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Modena, E. (2003). A Critical Psychoanalysis Project. Free Associations, 10(2):245-263.

(2003). Free Associations, 10(2):245-263

A Critical Psychoanalysis Project1

Emilio Modena

1.

We Psychoanalysts are Used, By long experience, to fighting against negative biases; again and again, old and new prejudices from the most varied ideological angles are held against us: whereas, in the past, we were accused of pansexualism to try and discredit us and alarm the public, we are now — in the age of repressive desublimation — being accused of a lack of efficiency and sustainability. It would be tempting, for fear of losing patients to rival therapies and the interest of the public to more obliging theories, to ‘close ranks’ and escape to a defensive position. In such a position, however, it would hardly be possible to discuss our internal contradictions openly and further our science in a self-critical manner. Instead, I would advocate going on the offensive and adopting a critical attitude, and would like to initiate, right now, at the transition to a new millennium, an analysis of a positive bias towards psychoanalysis. I am convinced that working over its prerequisites and consequences can promote our presence in society and only enhance our resistance to our adversaries left and right.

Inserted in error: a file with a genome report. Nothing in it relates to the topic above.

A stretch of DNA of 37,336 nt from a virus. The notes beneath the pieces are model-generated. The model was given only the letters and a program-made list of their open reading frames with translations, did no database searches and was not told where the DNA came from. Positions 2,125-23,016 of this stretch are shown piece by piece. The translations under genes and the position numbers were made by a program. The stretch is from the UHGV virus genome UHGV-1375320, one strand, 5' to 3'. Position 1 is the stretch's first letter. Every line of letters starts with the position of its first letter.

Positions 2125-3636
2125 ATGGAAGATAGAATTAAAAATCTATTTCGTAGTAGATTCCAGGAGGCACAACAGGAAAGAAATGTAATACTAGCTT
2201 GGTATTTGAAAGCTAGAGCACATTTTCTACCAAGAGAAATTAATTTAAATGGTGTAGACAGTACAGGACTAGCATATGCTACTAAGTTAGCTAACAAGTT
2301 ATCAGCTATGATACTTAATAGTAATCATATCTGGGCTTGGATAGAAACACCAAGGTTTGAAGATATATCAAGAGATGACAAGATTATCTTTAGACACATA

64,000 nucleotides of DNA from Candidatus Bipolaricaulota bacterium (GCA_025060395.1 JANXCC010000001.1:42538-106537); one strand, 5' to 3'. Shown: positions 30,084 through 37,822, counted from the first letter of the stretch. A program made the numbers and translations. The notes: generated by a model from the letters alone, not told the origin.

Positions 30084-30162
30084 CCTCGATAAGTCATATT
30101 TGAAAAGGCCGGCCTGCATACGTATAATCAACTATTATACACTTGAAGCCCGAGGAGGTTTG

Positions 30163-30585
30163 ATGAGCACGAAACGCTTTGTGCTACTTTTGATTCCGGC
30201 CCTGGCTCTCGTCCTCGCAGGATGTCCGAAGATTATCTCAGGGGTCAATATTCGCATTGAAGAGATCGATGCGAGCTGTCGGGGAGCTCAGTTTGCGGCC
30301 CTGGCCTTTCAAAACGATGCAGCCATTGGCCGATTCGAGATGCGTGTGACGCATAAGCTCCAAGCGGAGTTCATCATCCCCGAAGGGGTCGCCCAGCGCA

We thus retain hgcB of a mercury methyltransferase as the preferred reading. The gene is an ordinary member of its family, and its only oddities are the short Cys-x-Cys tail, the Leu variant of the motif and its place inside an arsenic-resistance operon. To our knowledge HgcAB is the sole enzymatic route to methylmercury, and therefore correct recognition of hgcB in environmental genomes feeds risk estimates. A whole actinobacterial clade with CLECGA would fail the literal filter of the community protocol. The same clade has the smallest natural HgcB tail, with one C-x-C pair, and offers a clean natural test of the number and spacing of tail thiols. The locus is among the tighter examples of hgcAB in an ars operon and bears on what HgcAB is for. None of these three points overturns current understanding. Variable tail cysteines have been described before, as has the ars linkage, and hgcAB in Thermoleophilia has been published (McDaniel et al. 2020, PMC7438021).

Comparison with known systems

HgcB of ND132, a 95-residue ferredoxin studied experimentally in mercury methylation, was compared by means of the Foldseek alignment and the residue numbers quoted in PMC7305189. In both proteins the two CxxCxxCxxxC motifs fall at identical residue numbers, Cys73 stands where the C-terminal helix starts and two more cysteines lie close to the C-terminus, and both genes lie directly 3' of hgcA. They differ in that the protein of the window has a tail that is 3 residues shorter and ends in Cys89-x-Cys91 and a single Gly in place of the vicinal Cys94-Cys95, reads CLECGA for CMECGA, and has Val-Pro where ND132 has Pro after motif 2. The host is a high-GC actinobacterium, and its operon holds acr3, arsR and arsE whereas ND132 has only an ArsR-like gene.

I can say that I — like many of my generation — grew up with such a positive bias. In my family, psychoanalysis was seen as a progressive and emancipatory science that had countered the puritanism of the early years and the double standards of a decadent society with the exploration of the unconscious motors of behaviour and sexual enlightenment.

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